white, salvaged from another project (smock collar, neck opening and
About 5.5 metres of hunter green 100%
cotton velvet (Sleeveless over-dress)
Scraps of white 100% cotton voile (to
make and cover shoulder rolls)
30 12-inch long peacock feathers
Lots and lots of gold seed beads
(doublet bodice over-dress)
Lots and lots of good quality pearls
(doublet bodice over-dress)
a small section of plastic canvas
a wooden spoon (fan)
What I Bought With
1.5 metres of 90cm wide 100% silk
tabby weave in grey @ $6/metre = $9.00 (non-visible lining)
2 metres of 112cm wide brown
silk/metallic gold thinly striped fabric @ $10/metre = $20 (visible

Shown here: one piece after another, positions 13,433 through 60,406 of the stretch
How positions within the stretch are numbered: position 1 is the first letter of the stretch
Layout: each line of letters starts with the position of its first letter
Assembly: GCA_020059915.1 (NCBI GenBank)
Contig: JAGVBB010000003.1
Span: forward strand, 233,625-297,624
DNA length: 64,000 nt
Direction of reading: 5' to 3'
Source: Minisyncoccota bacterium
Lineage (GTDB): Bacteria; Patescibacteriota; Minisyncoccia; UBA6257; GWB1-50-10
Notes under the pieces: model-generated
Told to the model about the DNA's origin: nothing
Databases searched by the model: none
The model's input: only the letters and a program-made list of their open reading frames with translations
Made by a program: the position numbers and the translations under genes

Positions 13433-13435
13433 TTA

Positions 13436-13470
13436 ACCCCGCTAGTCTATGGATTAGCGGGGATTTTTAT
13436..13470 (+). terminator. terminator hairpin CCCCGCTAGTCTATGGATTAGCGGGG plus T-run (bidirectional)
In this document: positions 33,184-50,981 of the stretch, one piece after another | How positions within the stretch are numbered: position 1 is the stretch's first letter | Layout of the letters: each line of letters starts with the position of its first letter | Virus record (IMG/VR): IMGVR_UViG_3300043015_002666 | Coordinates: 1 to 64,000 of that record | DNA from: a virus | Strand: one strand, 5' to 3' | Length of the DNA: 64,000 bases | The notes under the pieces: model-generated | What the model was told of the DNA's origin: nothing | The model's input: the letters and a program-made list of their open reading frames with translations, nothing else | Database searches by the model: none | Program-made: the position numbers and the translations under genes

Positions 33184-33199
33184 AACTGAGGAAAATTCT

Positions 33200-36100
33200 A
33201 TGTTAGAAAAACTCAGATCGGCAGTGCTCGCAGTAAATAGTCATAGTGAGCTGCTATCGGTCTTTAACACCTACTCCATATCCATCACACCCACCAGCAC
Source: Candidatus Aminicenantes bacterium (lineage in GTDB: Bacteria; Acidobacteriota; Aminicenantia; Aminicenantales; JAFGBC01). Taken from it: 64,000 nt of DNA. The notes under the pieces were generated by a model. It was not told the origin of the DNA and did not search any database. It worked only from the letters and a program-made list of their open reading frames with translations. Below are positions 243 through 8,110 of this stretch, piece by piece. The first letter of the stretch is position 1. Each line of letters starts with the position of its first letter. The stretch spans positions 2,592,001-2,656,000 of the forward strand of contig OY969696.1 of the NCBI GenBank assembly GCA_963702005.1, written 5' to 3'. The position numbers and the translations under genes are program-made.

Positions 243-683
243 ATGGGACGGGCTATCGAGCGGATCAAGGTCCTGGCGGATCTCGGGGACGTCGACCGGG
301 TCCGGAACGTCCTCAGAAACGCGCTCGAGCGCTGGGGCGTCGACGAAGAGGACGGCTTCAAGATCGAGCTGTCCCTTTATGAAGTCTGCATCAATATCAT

lining in bodice, collar, skirt and for sleeves)
22 metres of gold cord (cotton core
with metallic gold braided exterior) @ $0.40/metre = $9.80 (Couching
70cm of plastic boning @ $2.35/metre
= $1.75 (Bodice)
5 metre packet of black poly-cotton
bias binding $1.99
Total: $41.54 from the Australian
allowance of $44.75
(You can click on some images for a
A Florentine noblewoman's high-necked
linen camicia trimmed with cotton lace; velvet doublet-bodice
over-gown with shoulder rolls, circa 1590s; with peacock feather fan.
The over-gown is made up of:
*doublet-style bodice made from the
hunter green cotton velvet (retaining the side seam for ease of
alteration later in case of weight loss), cut with selvedges to lie
along the front opening edges, the bodice completely flat lined with
linen, and fully lined with silk so no seam allowances show: grey silk
in back and side back, "cloth of gold" in fronts and collar.